5 December 1900 • Wednesday

Wednesday Dec 5th.. Slept very well. Dreamed I was at home once again, but was so dissatisfied with every thing that was glad I was in Glasgow when I awakened[.] The morning was as dark as the night before. Its funny to go to sleep in darkness and to get up in darkness. I had the toothache a little, but didn’t grumble. I haven’t grumbled about any thing for three days—just think of it. I’ve been on the verge of saying some thing about the poky old fire that wouldn’t burn, and about my tooth, about the dark day and a dozen other things, but resisted the temptation. I read the first 11 chapters of Acts learned a verse, crocheted on my slipper and helped to get the dinner and to eat it. [p. 43] Called on Miss Scott and on Mrs. Callum. Came to 53 about 7 o’clock and stayed till about 10. Came home

6 December 1900 • Thursday

Thurs. So dark and stormy that we stayed home till in the after noon I wrote a Xmas letter to Papa and to Vienna [Booth Kimball]. Answered a letter from Tina Watson. Visited Sister Gain and Sister Leggatt. Came to testimony meeting The branch was organized with Bro. [William W.] Hamilton as president Bros Wm. Cook and Chas. Murray as councilors. The Leggats were all against Bro. Hamilton for President and because Bro [Henry B.] Thompson had him voted for they all left the meeting. After meeting I <we> stayed and had something to eat. Didn’t get home till after eleven.

7 December 1900 • Friday

Fri. Went to “53”. Sister Frame was going away to Edinburgh. After dinner went down to the shops. At the Granite house a <had> a fine gospel conversation with the forman. Called to see Miss Minic but she was out. Came to “53” and fixed some Xmas cards to send home and to Canada, got tea and helped with the dishes. Arrived at 53 <10> at 9:10

8 December 1900 • Saturday

Sat. Dec. 8th. Went to 53 after breakfast and Sister Penfold and I straightened up the house and got dinner. At 4 o’clock we came home and washed our hair. I read David Coperfield till after 9. Took a bath and went [p. 44] to bed.

9 December 1900 • Sunday

Sunday 9. Didn’t get up till late, said verses in bed. Went to “53” at 12 oclock. Attended afternoon and evening meeting. When we came home at 9:30 the night was simply beautiful, so I sat by the window and had a “Think” and sent messages home by the moon. Only to think that in 7 hours they’ll watch the same moon rise from behind our dear old mountains. I wonder if they’ll think that it has just seen me, coming along in this big city from “53” or that I sat long hours at the window and thought of them—of my friends—of the present—the past—the future. Of what I am—of what I would have been

“How blessed should we be have I often conceived

Had we really achieved, what we nearly achieved

We catch at the skirts of the thing that we would be

And fall back on the lap of false destiny”4

After I was in bed I still thought until I was so sleepy that things began to be wonderfully mixed up and the last I remember was the clock saying good-night—good night.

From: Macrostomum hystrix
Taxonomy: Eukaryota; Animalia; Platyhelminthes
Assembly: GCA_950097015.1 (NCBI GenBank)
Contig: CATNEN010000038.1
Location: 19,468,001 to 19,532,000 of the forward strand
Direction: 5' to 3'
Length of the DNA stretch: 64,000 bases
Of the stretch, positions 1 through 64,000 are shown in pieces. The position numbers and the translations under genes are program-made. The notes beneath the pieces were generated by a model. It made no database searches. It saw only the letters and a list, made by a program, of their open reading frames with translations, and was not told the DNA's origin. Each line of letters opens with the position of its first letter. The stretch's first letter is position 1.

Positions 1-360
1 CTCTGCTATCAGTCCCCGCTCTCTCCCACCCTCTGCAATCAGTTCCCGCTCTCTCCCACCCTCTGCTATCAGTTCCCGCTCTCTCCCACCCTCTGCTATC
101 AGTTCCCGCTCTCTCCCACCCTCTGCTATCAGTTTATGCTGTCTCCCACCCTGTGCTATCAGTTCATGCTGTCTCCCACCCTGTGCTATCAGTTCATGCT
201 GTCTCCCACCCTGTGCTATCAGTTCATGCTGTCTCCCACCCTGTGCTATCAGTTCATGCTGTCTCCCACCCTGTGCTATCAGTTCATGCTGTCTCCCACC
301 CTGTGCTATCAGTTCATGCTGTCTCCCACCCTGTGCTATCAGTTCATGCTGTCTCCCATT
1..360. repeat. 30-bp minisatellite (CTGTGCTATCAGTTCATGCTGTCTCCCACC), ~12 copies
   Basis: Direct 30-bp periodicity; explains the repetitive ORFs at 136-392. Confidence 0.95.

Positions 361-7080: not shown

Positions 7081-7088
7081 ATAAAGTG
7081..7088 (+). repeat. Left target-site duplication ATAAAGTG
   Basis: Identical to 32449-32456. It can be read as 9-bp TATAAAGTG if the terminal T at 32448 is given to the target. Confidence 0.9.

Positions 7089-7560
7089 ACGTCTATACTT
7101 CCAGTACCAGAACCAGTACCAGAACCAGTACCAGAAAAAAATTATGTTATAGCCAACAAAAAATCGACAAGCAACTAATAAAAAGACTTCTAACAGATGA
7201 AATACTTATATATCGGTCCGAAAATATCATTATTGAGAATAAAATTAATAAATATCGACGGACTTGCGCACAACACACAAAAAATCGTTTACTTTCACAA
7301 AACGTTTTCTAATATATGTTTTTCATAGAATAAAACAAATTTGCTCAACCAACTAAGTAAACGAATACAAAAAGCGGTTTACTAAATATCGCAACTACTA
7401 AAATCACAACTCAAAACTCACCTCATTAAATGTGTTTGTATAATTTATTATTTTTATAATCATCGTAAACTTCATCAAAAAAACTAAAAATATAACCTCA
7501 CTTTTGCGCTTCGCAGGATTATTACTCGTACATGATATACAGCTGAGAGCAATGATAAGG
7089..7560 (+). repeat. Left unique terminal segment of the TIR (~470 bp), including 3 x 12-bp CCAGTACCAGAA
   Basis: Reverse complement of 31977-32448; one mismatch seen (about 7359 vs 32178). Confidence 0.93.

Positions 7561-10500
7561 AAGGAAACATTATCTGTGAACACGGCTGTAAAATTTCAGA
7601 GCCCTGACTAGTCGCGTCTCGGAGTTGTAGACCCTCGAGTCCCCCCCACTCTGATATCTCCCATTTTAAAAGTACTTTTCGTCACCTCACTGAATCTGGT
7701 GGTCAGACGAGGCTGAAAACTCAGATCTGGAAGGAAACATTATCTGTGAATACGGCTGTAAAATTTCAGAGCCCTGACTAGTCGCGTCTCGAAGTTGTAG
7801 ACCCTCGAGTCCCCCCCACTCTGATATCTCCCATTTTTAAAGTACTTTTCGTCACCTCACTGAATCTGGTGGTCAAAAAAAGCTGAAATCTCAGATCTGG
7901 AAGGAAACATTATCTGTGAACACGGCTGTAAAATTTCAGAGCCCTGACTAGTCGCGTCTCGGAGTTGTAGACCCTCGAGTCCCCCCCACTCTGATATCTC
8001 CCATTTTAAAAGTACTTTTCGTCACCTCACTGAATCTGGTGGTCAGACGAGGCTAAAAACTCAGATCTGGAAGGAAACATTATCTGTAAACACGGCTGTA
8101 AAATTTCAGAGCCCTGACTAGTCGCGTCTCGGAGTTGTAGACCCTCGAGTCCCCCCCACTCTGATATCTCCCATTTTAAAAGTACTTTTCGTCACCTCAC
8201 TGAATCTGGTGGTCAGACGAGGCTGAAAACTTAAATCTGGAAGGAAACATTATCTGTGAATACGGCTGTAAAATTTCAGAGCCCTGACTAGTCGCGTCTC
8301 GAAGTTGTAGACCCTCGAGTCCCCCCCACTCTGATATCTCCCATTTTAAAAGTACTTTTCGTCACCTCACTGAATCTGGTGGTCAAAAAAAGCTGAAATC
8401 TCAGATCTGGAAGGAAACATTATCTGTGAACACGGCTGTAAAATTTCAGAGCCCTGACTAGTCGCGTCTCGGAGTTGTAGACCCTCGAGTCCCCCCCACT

10 December 1900 • Monday

Monday. 10. Went to “53” after breakfast. Did the usual work. After dinner we went to Sister Griers. We had a [p. 45] good visit and a long talk on the gospel. We left her feeling better than we found her. Arrived at No. 10 at 6 oclock. The wind is blowing and moaning and dashing the rain spitefully against the windows. Sister Penfold is sitting in a big chair in front of the fire reading. I have taken off my street dress and put on a wrapper, braided my hair very artistically in two “pig tails” and have settled down for an evening of solid comfort. The more comfortable we feel the more angry the wind seems to get. Some times its so fierce you’d think it wanted to blow us all away and some times it only sighs and moans like some one in distress. I wrote a piece to the [Provo Daily] Enquirer that papa had asked me to write ever since I came over. Bro. Buchanan wrote it and I copied it, also wrote a little note to my father and then studied verse till bed time.

11 December 1900 • Tuesday

Tues. Went to 53 in the forenoon, in the after noon went to Sister Griers to go with her to see a lady who is very sick and about to die. The poor soul had suffered a long time and was so thin that Sister Grier could pick her up and carry her easily. She asked us to sing a hymn and then she asked me to pray for her. I came home about 5:30. In the [p. 46] evening we went into Miss Pools and we listened to her play the piano and had a very pleasant time.

12 December 1900 • Wednesday

Wed. Went to “53” and after the work was done I went tracting gave out 80 and had two long conversations. In the evening we went to Sister Reids. By “we” I mean—Sister Penfold and I, Bros Buchanan, Burnett and Miller. We had a lively time but I was worried over something I said to Bro Buchanan. I’m afraid I am too hasty.

13 December 1900 • Thursday

Thurs 13. Went to “53” in the morning, tracted in the afternoon, gave out 80 tracts and had three cons, was invited into two houses, Attended testimony meeting in the evening

14 December 1900 • Friday

F 14. Stayed at 53 all day. Went to the pantomime in the evening.

15 December 1900 • Saturday

Sat 15 Cleaned the kitchen at “53”, was done with the work at 5 o’clock. Went to Macaulys at 46 Pollock St in the evening.

16 December 1900 • Sunday

Sunday. Attended both meetings. Spoke in the afternoon on apostacy.

17 December 1900 • Monday

Monday 17. Went to “53”. Mrs Craig called and stayed to dinner. Went tracting gave out 80 and had three cons. In the evening the Crawfords [p. 47] came to see us and we had a pleasant time